Then a climb to the lunch stop where a single slip would have been ‘Al’s gone, fetch the spatula‘ territory.  While others hung their legs causally over the abyss, I pushed mine into the narrow dirt and my back into the ground behind. Funnily enough I wasn’t very hungry.

Should have eaten tho as the next two hours were a ride-push-ride-push on the endless traverse. Those in front were loving it- on their bikes, meeting the technical challenges with commitment and skills. Back in the cheap seats, I was barely managing 50% before hopping off an using my extremely competent bike as a crutch.

Had a word with myself. A few actually. Most of them were simply ‘fuck‘. Fuck the mountain. Fuck the exposure. Fuck my cowardice. Fuck Fuck Fuck, I’m am 48 fucking years old and I can’t fucking do this. That went on for a while before even I became bored of my own whinging by which time I’d fallen a long way behind.

Then I fell. In a supreme act of irony I’d refused to walk an exposed section, caught a pedal on the inside due to my clinging to the transient safety of the rock and flipped myself end over end down the scree slope. Four times I rolled; this is an accurate assessment because four times I counted the sky rolling past my saucer wide eyeballs.

Then it stopped. As did I. Surprised not to be accelerating towards the valley floor shedding vital body parts. Lay on my back waiting for the bike to hurtle past at terminal velocity. When that didn’t happen, decided to hang about for a bit longer while damage control checked in.

Not too bad. Shoulder sore but back protector and helmet had apparently saved important squishy organs. Climbing back to the track took a while giving me a first person view of exactly how steep the gradient of the mountain was. Could have done without that to be honest.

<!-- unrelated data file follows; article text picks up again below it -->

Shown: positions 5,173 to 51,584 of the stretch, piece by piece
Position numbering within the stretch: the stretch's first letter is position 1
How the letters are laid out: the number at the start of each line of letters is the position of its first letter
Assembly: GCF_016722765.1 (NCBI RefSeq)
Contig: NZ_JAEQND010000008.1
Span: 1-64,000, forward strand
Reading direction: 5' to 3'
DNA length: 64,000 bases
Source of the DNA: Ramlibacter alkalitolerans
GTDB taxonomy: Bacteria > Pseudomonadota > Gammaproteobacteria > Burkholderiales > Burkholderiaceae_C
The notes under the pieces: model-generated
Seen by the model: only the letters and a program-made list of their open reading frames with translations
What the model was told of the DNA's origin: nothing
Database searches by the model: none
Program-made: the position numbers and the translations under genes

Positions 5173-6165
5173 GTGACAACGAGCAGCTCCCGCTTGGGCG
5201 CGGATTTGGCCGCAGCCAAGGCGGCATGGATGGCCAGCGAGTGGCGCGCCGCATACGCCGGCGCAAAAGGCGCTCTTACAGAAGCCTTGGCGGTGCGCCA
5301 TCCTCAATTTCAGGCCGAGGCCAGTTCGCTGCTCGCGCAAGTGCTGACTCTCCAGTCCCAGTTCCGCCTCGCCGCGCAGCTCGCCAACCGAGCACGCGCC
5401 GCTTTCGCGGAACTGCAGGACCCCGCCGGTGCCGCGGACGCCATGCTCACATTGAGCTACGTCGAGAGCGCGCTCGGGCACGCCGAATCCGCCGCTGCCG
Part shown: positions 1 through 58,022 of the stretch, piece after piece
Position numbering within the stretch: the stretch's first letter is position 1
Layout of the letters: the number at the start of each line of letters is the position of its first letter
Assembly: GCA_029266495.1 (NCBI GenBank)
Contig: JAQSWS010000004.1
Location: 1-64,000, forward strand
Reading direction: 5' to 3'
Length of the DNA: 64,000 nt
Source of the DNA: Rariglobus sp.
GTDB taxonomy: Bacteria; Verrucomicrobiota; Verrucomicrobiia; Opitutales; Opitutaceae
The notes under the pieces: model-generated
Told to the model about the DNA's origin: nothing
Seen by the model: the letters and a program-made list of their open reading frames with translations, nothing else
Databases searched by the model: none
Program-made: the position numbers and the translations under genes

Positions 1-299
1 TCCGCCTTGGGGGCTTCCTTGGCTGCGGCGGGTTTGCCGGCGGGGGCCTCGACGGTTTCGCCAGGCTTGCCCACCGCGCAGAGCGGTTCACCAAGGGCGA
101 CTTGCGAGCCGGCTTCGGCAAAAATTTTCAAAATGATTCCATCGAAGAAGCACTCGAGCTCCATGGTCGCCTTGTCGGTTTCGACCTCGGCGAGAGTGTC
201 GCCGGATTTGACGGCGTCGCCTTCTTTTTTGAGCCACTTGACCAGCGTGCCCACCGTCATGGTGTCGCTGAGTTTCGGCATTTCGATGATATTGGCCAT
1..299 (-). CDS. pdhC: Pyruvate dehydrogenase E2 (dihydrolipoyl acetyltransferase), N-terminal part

Dusted myself down. Got back on. Got straight back off and pushed for quite a long time until reunited with the my riding pals who clearly couldn’t see what the problem was. Remained very quiet because didn’t trust myself not to have a major hissy fit.

The rest of the ride was okay. I was pretty shit tho. Physically spent and mentally frazzled, I made excuses for my inability to ride stuff that’s well within even my limited remit. Wondered if this was a high water mark. Maybe I’m too damn old, too bloody scared, lacking the skills to ride this stuff.

Thought about that a lot since. Then saw the pictures and wondered how I’d have felt neshing out at the start. Realised there is still life in the old dog yet. Not sure he can be taught any new tricks tho.

Mountains are a brutal environment. Uncaring, wonderful, terrifying and beautiful. They strip you bare and fill you up. Emotions fluctuate from joy to terror. Only high places make you feel like this. You have a choice. Don’t take the easy one. You may never get the chance again.

*this was my response to the trail pointed out very early on. It was a phrase I revised many times during the rest of the day. I could be heard muttering ‘pineapple, pineapple fucking pineapple’ whenever the exposure was cranked to extreme. Which was pretty much all the time.